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A Cultural Portrait: Social Class
Transcript of A Cultural Portrait: Social Class
SOCIAL CLASS & RACE
As a child, I faced much adversity. Vast decisions were often made and I was uprooted often. Life was fast paced into young adulthood.
Cultural Diversity, Gender,
& Family Development
MFT 6103 Week 8 Assignment
Professor Valerie Glass, PHD
This picture denotes my personal social class growing up based on the positioning of the ladder. (Low Class). I infrequently discuss social class and race and how the dimensions of both have shaped my life.
I endored much suffering growing up. Living in a single-parent home, lack of resources, and money.
I relocated often, living with relatives, homelessness, in & out of schools. There was no clarity.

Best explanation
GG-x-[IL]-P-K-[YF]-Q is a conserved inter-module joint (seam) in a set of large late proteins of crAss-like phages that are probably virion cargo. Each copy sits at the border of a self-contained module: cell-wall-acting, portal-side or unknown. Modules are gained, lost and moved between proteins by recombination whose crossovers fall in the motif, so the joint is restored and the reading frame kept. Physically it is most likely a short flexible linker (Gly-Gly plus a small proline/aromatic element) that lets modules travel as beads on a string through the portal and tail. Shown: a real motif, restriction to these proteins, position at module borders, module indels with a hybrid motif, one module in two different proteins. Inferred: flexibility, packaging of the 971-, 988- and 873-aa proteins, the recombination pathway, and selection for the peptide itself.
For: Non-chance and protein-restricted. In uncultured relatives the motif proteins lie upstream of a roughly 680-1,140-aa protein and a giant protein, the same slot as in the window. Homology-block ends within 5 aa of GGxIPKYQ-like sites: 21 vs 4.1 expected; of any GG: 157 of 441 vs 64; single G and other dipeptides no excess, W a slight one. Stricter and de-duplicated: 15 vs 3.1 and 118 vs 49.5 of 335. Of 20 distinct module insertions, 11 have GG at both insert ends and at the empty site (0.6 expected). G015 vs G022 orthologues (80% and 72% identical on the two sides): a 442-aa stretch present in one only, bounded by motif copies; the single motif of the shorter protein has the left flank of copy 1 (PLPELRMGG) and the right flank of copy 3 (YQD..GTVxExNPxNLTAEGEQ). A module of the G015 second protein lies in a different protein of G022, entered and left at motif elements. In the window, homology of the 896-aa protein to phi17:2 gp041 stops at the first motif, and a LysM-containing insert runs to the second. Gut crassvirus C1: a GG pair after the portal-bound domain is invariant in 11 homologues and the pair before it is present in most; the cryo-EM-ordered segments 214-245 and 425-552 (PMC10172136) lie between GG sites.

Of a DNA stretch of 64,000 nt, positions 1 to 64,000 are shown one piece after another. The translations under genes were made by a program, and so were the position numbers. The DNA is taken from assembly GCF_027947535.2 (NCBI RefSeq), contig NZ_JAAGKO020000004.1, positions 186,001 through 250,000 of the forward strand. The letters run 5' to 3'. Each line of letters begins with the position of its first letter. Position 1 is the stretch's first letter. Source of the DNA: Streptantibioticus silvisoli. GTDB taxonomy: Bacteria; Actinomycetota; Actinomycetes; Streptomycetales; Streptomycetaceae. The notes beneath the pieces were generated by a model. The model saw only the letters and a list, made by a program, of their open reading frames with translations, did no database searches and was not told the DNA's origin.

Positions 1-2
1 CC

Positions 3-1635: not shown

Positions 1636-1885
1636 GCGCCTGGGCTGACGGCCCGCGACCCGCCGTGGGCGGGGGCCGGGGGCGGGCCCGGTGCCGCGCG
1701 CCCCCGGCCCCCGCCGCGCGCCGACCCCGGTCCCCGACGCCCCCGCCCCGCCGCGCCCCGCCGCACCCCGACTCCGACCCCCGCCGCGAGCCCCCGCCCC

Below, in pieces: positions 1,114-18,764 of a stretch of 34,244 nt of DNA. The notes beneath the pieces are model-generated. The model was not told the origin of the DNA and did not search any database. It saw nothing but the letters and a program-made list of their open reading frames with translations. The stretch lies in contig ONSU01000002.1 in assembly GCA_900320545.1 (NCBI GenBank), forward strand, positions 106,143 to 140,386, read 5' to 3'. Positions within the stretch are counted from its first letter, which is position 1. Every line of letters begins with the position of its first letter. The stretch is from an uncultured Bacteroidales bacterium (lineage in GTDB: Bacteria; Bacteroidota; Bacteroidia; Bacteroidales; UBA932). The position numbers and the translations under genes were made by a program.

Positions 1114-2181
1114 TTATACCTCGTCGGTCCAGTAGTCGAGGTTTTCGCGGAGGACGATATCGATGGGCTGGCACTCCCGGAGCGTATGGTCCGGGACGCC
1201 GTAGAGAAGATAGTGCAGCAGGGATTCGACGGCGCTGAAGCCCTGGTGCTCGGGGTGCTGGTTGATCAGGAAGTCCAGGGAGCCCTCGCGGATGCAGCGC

Taking situations as they come.
Death of my mother, foreclosure, loss of my job were all things I considered to be more situations to overcome to get ready for the next. In truth, they were all an end to prepare me for a new beginning.
I attended a predominently white private college. My adversity shaped my behavior & thinking. I felt other students could not relate to or understand me. I often felt alone & isolated myself.
Through all of the adversity, I bent, but I did not break. This tree signifies my resiliency to "the elements."
Self-reflection allowed me to create new meaning and perspective. Social class and race no longer shape my life.
I have a sense of clear headedness. Now, I can use my experiences to help inspire others.
I remained rooted.
I now live with purpose instead of merely existing.
"People adapt to their own expectations. In other words, we often behave based on our perceptions more than the reality of our actual circumstances" (T.D. Jakes, 2015, p. 46).
Dear Deeds | Rooted. (2016, July 18). Retrieved March 13, 2017, from https://youtube/wlfNzbfTAhU
Jakes, T. D. (2015). Instinct: the power to unleash your inborn drive. New York: Faith Words.